Friday, November 09, 2007
Manila Bulletin’s October 26, 2007 news story “GMA pardons Erap; hopes aired for reconciliation” shows one such case in which the Philippine President exercises executive power. In the article, current President Gloria Macapagal-Arroyo bestowed Executive Clemency to her ousted predecessor Joseph Estrada after his six-year litigation culminated with his conviction on corruption charges. The former president has since accepted his much-criticized successor’s granted pardon, notwithstanding if his lifetime sentence for plunder was meted just a month before and if the restoration of his civil and political rights was interpreted as the other end of a political bargain.
Indeed, the President of the Philippines enjoys a constitutionally-vested executive power, one manifestation of which is the executive clemency exemplified above. This executive capacity vested on the President is stipulated in the Article 7, Section 1 of the Philippines’ supreme law (de Leon, Hector: Rex, 2005). In fact, this inherence of power to only one person that’s the Philippine President makes him or her as the Executive rather than the misnomer Chief Executive, which would mean that there may be other though less powerful executives. Given that Arroyo heads a presidential system of government, the Chief Executive that she is actually implements legislations, among other things, through the many subordinate executives under her office. In the case of freed Erap, Arroyo has her order read by Press Secretary and acting Executive Secretary Ignacio Bunye, served by Department of Interior and Local Government Secretary Ronaldo Puno, and only noted by the Sandiganbayan, which decided Erap’s corruption penalty of reclusion perpetua.
Cooley, as noted by de Leon, has defined executive power as “the power to administer the laws, which means carrying them into practical operation and enforcing their due observance.” This means the executive power of Arroyo is defined apart from the judiciary and legislative branches of her government. Whereas the Supreme Court along with the smaller courts interprets the laws and both the Congress and Senate make laws, the President as Executive implements laws which, de Leon adds, “include the Constitution, statutes enacted by Congress, decrees (issued under the 1973 Constitution), and executive orders of the President, and decisions of courts.” Apart from the Section 19 executive capacity to bestow reprieves, commutations, and pardons as in the case of Erap, the Philippine President can summon the armed forces to crush rebellion or invasion as the Commander-in-Chief, can declare martial law and suspend the privilege of the writ of habeas corpus, can contract or guarantee foreign loans, and can make bureaucratic appointment.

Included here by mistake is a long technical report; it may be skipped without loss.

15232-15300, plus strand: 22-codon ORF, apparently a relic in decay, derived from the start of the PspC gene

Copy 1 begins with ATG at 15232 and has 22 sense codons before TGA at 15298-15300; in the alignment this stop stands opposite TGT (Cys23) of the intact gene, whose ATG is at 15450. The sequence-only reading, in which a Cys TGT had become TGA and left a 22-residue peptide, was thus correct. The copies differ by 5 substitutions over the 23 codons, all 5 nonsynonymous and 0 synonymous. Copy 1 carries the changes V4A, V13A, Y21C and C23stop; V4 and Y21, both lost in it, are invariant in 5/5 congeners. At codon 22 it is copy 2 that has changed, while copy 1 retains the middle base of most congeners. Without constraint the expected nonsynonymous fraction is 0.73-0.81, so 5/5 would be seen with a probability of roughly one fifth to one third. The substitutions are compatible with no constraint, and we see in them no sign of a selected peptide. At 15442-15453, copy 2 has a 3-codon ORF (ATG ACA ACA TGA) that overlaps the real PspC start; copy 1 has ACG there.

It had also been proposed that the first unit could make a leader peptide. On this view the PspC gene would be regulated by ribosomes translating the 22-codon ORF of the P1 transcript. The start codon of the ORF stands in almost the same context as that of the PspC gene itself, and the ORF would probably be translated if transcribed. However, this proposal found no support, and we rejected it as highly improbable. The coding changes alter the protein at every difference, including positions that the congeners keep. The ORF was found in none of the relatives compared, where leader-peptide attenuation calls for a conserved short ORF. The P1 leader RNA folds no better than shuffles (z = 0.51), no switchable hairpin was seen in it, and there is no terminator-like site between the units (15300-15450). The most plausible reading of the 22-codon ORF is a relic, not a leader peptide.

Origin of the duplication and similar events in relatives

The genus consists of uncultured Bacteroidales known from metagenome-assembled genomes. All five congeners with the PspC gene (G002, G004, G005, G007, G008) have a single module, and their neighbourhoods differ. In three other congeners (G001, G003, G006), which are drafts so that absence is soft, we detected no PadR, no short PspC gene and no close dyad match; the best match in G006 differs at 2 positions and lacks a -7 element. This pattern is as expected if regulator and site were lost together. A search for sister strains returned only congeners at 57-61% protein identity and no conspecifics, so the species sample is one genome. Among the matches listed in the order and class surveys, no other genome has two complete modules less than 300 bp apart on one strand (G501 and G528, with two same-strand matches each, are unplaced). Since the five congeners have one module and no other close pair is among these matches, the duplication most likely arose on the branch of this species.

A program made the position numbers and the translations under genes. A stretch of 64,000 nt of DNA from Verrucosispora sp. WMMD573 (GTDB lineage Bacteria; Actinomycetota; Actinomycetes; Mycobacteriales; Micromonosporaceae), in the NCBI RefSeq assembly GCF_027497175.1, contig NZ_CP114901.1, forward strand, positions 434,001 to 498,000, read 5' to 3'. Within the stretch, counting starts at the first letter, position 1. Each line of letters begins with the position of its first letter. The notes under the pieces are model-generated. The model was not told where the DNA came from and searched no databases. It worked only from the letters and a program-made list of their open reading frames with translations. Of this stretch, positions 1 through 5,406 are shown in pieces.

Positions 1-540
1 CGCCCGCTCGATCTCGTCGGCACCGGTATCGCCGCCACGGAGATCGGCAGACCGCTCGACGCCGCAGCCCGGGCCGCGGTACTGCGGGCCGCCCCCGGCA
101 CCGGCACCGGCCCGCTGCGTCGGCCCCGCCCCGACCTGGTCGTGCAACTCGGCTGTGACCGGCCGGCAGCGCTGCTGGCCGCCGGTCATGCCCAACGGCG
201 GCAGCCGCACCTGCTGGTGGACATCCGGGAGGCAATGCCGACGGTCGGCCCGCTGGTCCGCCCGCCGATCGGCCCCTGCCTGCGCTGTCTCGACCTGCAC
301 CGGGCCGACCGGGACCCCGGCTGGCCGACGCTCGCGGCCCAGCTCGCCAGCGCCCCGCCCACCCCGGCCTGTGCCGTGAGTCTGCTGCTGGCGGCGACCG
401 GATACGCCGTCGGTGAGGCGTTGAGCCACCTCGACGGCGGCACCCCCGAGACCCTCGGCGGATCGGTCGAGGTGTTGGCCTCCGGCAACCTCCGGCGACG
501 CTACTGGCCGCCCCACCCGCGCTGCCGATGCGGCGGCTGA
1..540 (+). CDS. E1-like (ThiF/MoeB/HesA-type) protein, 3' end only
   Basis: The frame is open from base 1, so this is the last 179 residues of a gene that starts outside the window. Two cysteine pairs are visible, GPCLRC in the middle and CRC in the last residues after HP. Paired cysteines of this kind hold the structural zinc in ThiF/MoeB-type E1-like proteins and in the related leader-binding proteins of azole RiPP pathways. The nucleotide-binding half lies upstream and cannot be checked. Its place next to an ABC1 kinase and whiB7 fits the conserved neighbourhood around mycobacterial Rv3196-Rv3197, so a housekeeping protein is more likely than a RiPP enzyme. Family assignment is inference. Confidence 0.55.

In granting pardon to Erap, Arroyo cites “her government’s policy of releasing inmates who have reached the age of 70 and have served considerable amount of jail time.” While the first qualifier is acceptable since Erap is already 70 years at the time of his conviction, the second qualifier is questionable since the one-month prison service of Erap right after the Sandiganbayan’s sentence and just before the handing down of the presidential clemency is hardly “considerable amount,” if at all. It may be interpreted, though, that the six-year litigation of Erap while in house arrest in Tanay, Rizal is that relatively long “jail time” being referred to in the order. The rapid period in which the pardon came just when Erap was in the initial days of his lifelong imprisonment naturally reeks of a political trade wherein Erap promises never to run public office in the future. The bargain from Erap does not seem an acceptance of guilt (his legal counsels are still making an appeal, after all) nor an expression of public apology, so the presidential pardon appears being jeopardized for abuse. It can even be read as a preemption of what bleak future in jail probably awaits Arroyo if she should suffer the exact same fate as her predecessor. On the other hand, it may indeed be euphemistically read as a much-awaited “national reconciliation amid years of bitter political division.” Whatever the agenda, the case in question is Arroyo’s exercise of her absolute power of presidential prerogative to grant executive clemency. First qualifier is “absolute”; second is “prerogative”—there appears to be no argument when it comes to being the Executive. What is worth pondering upon is the fact that the Philippine President, herself mired in issues of moral ascendancy, remains the only and final judge of national interest in a country so divided over a controversial pardon.